Monitoring gaps in air quality across Indian cities emerge

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Significant gaps in India’s National Clean Air Programme uncovered. (Photo credit: Pixabay)

A recent analysis by the independent research organisation Centre for Research on Energy and Clean Air (CREA) has uncovered significant gaps in India’s National Clean Air Programme (NCAP). The study found that one in five cities enrolled in the programme lacks a continuous ambient air quality monitoring station (CAAQMS).

Delhi, in particular, emerged as the most polluted city in January, consistently exceeding the daily National Ambient Air Quality Standards (NAAQS) with a monthly average PM2.5 concentration of 206 micrograms per cubic meter.

The permissible daily average limits for PM2.5 and PM10 are 60 and 100 micrograms per cubic meter, respectively. Among the top 10 polluted cities in January, Bihar, Rajasthan, Uttar Pradesh, Assam, Haryana, and Himachal Pradesh each had representation.

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According to CREA’s analysis, only 101 out of the 131 cities covered by NCAP had a CAAQMS installed as of January 2024. This leaves 30 cities without transparent, real-time information on pollution levels. Cities without CAAQMS include Ranchi, Jammu, Guntur, Nellore, Vadodara, Madurai and Raebareli.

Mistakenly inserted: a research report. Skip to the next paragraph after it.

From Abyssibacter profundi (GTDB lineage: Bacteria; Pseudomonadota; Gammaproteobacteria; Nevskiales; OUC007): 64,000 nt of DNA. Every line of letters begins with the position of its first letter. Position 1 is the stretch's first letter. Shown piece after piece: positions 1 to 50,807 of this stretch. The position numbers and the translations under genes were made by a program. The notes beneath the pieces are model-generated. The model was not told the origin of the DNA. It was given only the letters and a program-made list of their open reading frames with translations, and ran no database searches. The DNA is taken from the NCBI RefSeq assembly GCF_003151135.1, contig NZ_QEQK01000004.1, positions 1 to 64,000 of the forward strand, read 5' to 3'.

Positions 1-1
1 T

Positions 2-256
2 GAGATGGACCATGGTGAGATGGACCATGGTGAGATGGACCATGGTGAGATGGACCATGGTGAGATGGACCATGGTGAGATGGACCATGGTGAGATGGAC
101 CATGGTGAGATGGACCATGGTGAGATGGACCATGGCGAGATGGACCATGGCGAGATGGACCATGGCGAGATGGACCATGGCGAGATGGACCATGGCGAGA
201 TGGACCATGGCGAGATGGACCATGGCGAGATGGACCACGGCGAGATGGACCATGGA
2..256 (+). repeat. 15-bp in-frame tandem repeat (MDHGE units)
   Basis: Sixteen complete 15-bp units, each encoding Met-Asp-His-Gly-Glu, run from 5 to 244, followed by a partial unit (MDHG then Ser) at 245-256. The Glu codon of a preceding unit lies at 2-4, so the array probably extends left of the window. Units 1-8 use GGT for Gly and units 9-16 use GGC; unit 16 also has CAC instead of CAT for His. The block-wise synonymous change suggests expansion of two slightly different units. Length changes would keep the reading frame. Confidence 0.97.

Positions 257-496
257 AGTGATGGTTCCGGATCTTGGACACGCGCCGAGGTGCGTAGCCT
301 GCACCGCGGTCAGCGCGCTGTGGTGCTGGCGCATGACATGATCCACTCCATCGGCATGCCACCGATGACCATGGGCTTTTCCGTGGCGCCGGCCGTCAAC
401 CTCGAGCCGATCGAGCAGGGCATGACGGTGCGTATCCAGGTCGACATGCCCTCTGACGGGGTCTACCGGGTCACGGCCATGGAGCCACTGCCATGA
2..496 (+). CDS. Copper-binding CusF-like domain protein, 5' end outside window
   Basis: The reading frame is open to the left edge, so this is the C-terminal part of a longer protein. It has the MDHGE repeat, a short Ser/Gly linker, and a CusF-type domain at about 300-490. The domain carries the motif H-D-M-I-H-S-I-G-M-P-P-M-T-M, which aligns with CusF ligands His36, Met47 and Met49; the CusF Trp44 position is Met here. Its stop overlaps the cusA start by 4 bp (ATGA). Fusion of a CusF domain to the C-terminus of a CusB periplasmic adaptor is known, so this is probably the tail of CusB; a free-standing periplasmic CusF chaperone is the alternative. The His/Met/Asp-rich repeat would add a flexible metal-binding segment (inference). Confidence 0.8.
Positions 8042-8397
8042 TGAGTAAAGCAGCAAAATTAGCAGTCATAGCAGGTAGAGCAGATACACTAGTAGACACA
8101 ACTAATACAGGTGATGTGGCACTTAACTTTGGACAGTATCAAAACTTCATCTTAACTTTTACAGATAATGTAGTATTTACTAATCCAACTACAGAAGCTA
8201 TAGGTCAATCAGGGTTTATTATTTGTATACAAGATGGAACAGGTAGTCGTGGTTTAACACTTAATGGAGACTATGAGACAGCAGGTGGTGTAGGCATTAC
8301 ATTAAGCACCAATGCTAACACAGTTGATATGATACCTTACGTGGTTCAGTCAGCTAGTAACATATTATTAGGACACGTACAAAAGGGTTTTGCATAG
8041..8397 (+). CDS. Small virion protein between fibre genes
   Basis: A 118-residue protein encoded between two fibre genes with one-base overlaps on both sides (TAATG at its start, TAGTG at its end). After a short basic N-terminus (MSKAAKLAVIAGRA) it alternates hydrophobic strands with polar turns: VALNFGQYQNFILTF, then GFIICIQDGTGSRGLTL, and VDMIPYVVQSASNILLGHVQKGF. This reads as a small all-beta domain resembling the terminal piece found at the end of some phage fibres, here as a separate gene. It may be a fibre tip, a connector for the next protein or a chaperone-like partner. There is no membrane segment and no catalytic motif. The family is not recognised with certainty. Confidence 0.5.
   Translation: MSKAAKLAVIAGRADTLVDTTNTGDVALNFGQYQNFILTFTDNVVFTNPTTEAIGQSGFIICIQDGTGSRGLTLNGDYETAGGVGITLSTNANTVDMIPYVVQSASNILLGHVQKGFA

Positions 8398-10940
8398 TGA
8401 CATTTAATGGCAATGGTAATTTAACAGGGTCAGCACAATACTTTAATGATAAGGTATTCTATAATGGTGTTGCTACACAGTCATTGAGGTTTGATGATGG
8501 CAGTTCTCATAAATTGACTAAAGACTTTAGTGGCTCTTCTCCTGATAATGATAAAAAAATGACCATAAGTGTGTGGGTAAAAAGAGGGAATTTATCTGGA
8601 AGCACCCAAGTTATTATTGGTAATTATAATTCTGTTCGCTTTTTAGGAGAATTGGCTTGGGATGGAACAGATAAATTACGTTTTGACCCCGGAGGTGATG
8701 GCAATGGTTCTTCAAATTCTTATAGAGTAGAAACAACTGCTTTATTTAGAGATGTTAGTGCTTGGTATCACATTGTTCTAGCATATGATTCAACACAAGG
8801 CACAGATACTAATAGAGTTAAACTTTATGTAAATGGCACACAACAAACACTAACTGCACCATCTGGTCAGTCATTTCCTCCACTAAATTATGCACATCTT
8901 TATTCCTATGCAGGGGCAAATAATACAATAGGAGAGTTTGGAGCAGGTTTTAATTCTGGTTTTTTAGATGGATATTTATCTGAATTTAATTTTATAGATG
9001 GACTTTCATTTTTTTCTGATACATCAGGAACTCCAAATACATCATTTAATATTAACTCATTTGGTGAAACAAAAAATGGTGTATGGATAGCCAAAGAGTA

Initiated in 2019, NCAP aims for a 20-30 per cent reduction in PM2.5 and PM10 concentrations by 2024 in cities that did not meet air quality standards from 2011 to 2015. The government has now set a more ambitious target of achieving a 40 per cent reduction in particulate matter concentration in these cities by 2026.

Analyst Sunil Dahiya from CREA explained that stable atmospheric conditions, influenced by low wind speed and cooler temperatures in northern India, contributed to the accumulation of pollutants near the ground. While natural factors play a role, Dahiya emphasised that baseline emissions are the key contributors to escalating air pollution levels in any region.

(with agency inputs)

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